Harry Truman spent his early years living with his parents and siblings on his grandfather’s farm, his family soon moved to nearby Independence, Missouri. From that point on, Harry thought of Independence as his hometown.
His mother Mattie, a well-educated woman, favored the move because Independence had better schools. She read aloud to Harry and gave him a love of books and music. By age five, he could read simple sentences. Harry’s reading ability made school easier for him. He also knew how to get along with his teachers and parents to get what he wanted. “I used to watch my mother and father closely to learn what I could do to please them, just as I did with my schoolteachers and playmates,” Harry said later.
Harry had a special reason for wanting to be judged for his behavior. A kid wearing glasses was a rare thing in a farm town, and Harry’s schoolmates teased him. Since he was also not very tall, they called Harry “little four-eyes.” Despite some teasing, Harry earned the respect of the other kids. He didn’t participate in many sports because of fear of breaking his expensive glasses, but he knew how to settle an argument with words instead of fists. His sense of fairness made him a popular referee during games.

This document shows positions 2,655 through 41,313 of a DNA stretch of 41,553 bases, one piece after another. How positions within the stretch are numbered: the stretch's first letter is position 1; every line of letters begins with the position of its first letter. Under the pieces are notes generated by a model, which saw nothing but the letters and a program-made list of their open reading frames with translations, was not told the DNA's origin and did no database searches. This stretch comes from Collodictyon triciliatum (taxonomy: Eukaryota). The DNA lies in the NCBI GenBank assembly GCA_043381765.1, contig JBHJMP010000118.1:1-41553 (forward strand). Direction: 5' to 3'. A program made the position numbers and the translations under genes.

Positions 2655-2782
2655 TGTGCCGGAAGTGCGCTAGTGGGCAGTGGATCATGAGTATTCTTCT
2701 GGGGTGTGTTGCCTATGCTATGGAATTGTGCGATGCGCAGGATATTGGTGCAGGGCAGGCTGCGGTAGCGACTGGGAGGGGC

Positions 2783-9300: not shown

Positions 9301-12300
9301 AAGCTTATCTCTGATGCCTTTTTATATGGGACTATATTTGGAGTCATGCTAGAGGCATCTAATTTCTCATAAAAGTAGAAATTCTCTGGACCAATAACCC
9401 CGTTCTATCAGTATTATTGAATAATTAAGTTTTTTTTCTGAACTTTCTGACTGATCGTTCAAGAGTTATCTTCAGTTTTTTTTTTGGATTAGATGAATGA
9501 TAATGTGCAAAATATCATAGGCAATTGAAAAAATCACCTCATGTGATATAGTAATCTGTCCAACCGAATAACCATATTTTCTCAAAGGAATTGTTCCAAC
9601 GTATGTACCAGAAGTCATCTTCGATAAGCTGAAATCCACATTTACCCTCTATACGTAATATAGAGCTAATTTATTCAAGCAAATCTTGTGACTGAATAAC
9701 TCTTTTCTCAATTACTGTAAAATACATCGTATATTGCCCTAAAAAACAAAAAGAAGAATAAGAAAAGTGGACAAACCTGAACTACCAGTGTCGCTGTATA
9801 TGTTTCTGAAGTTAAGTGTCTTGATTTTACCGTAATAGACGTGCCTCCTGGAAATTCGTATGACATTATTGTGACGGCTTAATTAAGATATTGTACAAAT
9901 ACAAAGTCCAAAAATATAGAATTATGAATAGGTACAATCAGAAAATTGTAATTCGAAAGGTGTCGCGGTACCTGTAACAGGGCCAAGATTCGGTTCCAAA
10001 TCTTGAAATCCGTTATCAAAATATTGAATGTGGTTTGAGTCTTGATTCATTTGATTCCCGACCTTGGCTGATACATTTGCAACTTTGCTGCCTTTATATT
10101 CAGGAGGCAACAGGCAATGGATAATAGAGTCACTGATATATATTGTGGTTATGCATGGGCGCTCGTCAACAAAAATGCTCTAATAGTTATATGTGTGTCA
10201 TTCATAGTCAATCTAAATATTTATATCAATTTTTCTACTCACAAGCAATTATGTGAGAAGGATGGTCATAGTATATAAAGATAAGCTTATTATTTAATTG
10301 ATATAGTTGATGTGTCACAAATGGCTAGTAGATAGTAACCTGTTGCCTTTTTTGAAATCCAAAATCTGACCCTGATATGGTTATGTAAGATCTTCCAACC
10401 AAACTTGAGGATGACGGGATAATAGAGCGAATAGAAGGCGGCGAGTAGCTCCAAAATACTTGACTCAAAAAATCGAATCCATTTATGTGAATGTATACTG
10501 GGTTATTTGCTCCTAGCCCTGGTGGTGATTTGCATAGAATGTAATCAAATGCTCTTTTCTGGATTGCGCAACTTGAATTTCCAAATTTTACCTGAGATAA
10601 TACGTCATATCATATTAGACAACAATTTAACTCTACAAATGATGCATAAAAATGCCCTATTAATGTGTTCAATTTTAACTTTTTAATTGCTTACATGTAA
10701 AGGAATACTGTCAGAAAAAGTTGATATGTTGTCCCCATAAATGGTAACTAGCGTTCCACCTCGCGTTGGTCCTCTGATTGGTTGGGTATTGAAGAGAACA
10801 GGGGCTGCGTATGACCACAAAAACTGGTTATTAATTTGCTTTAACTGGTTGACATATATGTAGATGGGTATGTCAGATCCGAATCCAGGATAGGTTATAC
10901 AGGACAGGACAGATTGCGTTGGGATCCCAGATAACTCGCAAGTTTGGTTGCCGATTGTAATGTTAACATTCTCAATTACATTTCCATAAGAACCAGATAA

Still, there was no doubt that Harry had different goals from his classmates. He enjoyed reading so much that he claimed to have read all the books in the Independence public library. Favorite books included biographies of military leaders like Andrew Jackson and Robert E. Lee. He admired these men for their honesty, a trait he was later known for as president.
Harry’s love of piano playing set him apart, too since girls and not boys usually took music lessons. His parents thought his talent should be encouraged, so Harry received piano lessons for as long as his father could afford them. When he graduated from high school, Harry hoped to go to college, join the military, or become a concert pianist.
Unfortunately, Harry’s father John Truman made some bad investments. Harry’s hopes to attend college or even continue piano lessons were dashed. Instead, he worked various jobs. He eventually became a bank clerk and made a good salary. Once again, his duty to his family called him away. His mother inherited the family farm and his father asked Harry to help him run it. Under Harry’s careful management, the farm made a profit.
Although he finally had some success, there were no signs that Harry Truman would become a famous politician and future president. His future mother-in-law said to her daughter Bessie, “That farmer boy is not going to make it anywhere.” Years later, “that farmer boy” proved her wrong.